Tag Archives: liberation hermeneutics

Liberation Theology's Demise Has Been Greatly Exaggerated

Liberation Theology Bible Study

Liberation Theology Bible Study (Photo credit: Student Christian Movement)

Some of the theology texts I have read over the years, and articles and even (faux) news reports suggest that liberation theologians failed in their mission, given the fact that it’s not as popular and “trendy” as it once was in the ’70’s and 80’s. And by all (neoliberal) capitalist definitions of success, liberation theology is a failure. Google “liberation theology” and some of the word associations such as “political violence,” “retreat” and “demise” follow along with it. Once I was at a conference, and confessed at a dinner table at Cracker Barrell that I was a liberation theologian, and one person across the table went on a rant about how violent liberation theology was and how missionaries in Latin America were persecuted. I am pretty sure Liberation Theology is not the only ideology around that has had violent persons believe in it. But if you do not share the idea of what it means to be successful as corporate America, then you get quite a different picture.

Nowadays, even the most conservative of Christian websites cannot help but talk about the suffering of the oppressed (I won’t link to garbage, but the TGC’s recent video about how “dangerous” social justice Christianity is was just hilariously misguided). The fact that the idea of social justice is being talked about (whether it is being done or not, is a different matter), and the fact that liberation theologians’ concerns are being debated hardly means that fundamentalism or process theism has won the day. Theology texts want to make sure that the status quo is self-assured and victorious, by both co-opting the rhetoric of liberation theology as well as announcing its demise, when, in reality, you can’t have it both ways. If something has “retreated” or “defeated,” then why use that community’s words? No, what this means is that LT’s demise has been greatly exaggerated.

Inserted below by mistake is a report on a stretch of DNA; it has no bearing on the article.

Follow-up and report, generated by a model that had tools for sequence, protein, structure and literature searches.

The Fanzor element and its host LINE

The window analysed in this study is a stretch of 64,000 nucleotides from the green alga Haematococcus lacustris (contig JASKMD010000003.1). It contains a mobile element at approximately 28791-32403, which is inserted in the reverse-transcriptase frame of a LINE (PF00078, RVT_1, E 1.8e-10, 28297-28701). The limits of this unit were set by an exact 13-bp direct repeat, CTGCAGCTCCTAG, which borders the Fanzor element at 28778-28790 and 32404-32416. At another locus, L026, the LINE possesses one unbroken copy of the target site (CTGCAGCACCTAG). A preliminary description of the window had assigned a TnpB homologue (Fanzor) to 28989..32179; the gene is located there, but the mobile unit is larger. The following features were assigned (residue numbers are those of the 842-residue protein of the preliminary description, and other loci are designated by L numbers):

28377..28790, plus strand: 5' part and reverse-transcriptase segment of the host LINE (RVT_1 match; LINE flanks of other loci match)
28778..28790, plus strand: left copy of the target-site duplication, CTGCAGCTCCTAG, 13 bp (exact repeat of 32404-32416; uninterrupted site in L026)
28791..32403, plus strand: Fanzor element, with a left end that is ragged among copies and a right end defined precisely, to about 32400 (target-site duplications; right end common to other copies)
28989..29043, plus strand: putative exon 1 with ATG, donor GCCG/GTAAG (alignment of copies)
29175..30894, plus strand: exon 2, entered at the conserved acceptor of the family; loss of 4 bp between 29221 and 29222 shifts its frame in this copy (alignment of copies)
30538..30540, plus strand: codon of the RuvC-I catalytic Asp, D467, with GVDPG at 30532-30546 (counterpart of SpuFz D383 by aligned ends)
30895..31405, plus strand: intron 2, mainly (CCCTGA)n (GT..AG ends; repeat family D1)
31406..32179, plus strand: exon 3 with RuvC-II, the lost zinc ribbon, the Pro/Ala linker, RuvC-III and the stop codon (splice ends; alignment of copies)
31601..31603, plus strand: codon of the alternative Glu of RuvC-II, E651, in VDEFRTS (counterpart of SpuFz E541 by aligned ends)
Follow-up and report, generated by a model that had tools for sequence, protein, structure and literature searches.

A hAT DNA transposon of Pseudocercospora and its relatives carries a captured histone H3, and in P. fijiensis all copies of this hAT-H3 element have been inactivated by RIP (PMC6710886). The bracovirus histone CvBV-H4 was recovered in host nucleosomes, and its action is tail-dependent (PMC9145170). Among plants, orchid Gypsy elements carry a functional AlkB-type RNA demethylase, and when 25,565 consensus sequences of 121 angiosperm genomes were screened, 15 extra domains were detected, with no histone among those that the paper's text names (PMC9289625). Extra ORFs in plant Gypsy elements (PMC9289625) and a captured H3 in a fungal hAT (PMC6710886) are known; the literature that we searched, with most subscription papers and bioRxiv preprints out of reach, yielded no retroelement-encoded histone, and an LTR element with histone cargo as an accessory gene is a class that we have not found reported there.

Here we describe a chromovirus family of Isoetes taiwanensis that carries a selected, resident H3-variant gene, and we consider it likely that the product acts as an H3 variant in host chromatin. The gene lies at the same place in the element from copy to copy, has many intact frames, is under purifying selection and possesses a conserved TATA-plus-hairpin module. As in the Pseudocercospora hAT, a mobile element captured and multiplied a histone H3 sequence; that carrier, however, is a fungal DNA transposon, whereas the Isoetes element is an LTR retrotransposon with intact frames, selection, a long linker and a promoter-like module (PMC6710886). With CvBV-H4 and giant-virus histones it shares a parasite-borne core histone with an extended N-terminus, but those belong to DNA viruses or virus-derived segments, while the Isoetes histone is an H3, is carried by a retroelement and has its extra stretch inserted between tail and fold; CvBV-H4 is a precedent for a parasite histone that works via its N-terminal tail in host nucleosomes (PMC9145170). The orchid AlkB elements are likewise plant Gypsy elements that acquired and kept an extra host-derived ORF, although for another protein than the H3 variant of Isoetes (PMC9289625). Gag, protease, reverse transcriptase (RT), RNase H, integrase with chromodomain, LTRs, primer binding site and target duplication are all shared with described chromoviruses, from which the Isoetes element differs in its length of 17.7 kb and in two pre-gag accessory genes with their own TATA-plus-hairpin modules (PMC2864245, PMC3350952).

In other news, Pope Francis I is going to meet with Gustavo Gutierez, the founder of liberation theology.

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Another Texas Church Teaching the Racist Curse Of Ham? NO WAY!!!


QUESTION: DO BLACK PEOPLE DESCEND FROM HAM, Noah’s son?

ANSWER: No, the answer is and was, and always will be NO!

White Christians, liberal and conservative, talk and talk and talk about evolutionary science versus the six day creation, yada yada yada. Well you know what? People were not put in chains because somebody did or did not believe in Young Earth Creationism. People do not have to endure discrimination, constant vilification because they read Genesis 1-3 “literally” or allegorically. People do not have drones killing their babies because listen to Richard Dawkins or Ken Ham (okay, maybe in the case of both), but you get my drift.

So earlier this year, one Texas school district is found teaching racism using the book of Genesis. And now we have Appleby Baptist Church in Nacogdoches, Texas as a church that publicly admits to teaching the racist Curse of Ham theory. I don’t care if you tell me that we have to believe this to affirm Noah’s flood or whatever (actually, no, we don’t); this doctrine was made for the purpose of justifying racism and human enslavement. Here are a few posts to get you started on reading where the Curse of Ham came from, and why its just bunk!:

NO BLACK PEOPLE DID NOT COME FROM HAM

Martin Luther King Jr. on the Curse of Ham & Racism

Really, I should have a page added to this blog, just to address this topic. It just makes me sick.

Comment below or ReTweet/Tumblr if you’d like to see this happen!

So You Wanna Read The Bible With Suspicion?